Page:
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Every good CD reissue should have bonus tracks.  The 1991 Hollywood CD issue of Queen has three, while the cassette only had one, which was “Mad the Swine”.  This is an odd little song, an acoustic hippie track that you can sing along to but probably don’t want to.  “Corny” is an appropriate word.  Better is a remake “Keep Yourself Alive”.  The band tried out different instrumental bits on this version, especially noticeable in Roger’s busier drum part.  The vocals are also glossier and better defined.  The tapes were lost and then re-surfaced in time for the 1991 reissue.   I think it’s likely a track like this would have eventually been released as a B-side, had the tapes not been lost for so long.  It’s a great and very interesting version that can co-exist along with the original.

The unfortunate thing about the 1991 reissues were the inclusion of useless remixes.  If it were a vintage remix from an earlier period that’s one thing.  But these are 1991 remixes, done for the express purpose of creating bonus material for reissues.  The artistic value in them is questionable.  That said, “Liar” is pretty faithful to the original, but with mixing board tricks to draw attention to different parts.  There are some unheard guitar parts as well, which are fascinating.  Of the 1991 remixes, this is one of the better ones.  (Don’t even get me started on Rick Rubin’s remix of “We Will Rock You” with Chad Smith on drums and Flea on bass.  That atrocity was even released as a Queen single.  But I digress.)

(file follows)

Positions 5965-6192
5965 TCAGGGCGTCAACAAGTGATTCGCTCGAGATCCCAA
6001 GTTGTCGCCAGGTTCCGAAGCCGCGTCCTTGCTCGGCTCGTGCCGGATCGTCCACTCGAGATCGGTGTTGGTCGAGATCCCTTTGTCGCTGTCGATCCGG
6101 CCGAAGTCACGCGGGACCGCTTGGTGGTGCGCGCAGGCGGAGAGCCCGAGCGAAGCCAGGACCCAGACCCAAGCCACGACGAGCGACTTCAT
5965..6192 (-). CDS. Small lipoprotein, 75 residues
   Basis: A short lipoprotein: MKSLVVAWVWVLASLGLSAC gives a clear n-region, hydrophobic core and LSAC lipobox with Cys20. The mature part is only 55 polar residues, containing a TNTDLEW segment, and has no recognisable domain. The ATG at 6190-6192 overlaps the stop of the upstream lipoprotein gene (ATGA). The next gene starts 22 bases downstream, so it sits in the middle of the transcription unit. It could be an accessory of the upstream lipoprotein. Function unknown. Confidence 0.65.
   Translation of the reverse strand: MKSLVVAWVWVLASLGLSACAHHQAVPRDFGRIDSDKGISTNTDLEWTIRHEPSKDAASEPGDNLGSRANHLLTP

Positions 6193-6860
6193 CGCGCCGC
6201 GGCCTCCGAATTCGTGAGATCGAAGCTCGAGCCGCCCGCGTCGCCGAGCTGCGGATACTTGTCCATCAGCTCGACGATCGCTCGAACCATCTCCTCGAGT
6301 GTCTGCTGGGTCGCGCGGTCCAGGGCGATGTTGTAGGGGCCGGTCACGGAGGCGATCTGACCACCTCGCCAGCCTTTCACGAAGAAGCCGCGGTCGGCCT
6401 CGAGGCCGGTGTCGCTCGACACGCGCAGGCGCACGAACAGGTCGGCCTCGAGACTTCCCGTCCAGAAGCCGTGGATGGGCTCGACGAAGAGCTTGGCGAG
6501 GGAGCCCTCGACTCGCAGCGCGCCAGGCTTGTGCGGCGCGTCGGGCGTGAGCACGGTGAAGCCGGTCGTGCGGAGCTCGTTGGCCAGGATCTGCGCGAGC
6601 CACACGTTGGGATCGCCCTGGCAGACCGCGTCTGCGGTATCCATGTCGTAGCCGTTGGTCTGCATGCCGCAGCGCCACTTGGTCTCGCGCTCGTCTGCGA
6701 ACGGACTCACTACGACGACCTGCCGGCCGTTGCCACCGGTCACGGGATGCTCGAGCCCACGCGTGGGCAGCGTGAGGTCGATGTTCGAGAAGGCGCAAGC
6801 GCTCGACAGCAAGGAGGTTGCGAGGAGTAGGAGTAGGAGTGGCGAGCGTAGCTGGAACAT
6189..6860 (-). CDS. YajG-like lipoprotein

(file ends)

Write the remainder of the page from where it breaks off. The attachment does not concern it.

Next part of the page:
That’s the last track on the CD.  I know what you’re thinking now.  “But LeBrain,” you are saying to yourself, “Isn’t there a more recent reissue with more bonus tracks?  Aren’t you going to tell us about those, too?”  Yes, there is a more recent version (2001, on Universal) with more bonus tracks (six total).  No, I’m not going to talk about that today.  Reason being, I don’t have it yet.  But Christmas is coming.

5/5 stars

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REVIEW: The Darkness – “Get Your Hands Off My Woman…Again” (2004 mp3 single)

GYHOMWATHE DARKNESS – “Get Your Hands Off My Woman…Again” (2004 Atlantic mp3 single)

After the surprise hit Permission To Land (which was essentially just a released demo) The Darkness were determined to make a better sounding second album.  At first it was announced they were going to be working with one Mutt Lange; that didn’t pan out.  Up next was Roy Thomas Baker, of Queen fame.

Their first released collaboration was a re-recording of “Get Your Hands Off My Woman” re-titled “Get Your Hands Off My Woman…Again”.  It differs only slightly from the original.  Better sounding bass, better sounding drums, but almost identical otherwise.  There are only two moments were the song deviates from the original:  a 5 second piano break at 1:54, and a different, more abrupt ending.

This was released November 8 2004, for one month only, for 99p on the official Darkness site.   Since then I understand it’s been very difficult to find online.  I like when bands release stuff like this, even though for most people it’s fairly redundant.  A lot of bands test the waters by re-recording older material, Axl’s done that and so have others.  When they make it available for almost nothing for a limited time, sure, I’ll bite.  It’s a kind of immediate release that didn’t exist 20 years ago.

Not to mention that this is just one of the Darkness’ best songs, ever.  Gratuitous language, hot riffs, screeching high vocals, ripping solos, and hooks for miles.  I was sold on the original song on first listen.  As for this re-recorded update, I like the better quality sound, but I don’t like the piano break or the ending.  Great tune, great sonics thanks to RTB, but I’ll stick with the original!

3.5/5 stars

Since you can’t take a picture of a non-physical product, here’s the CD single that I burned!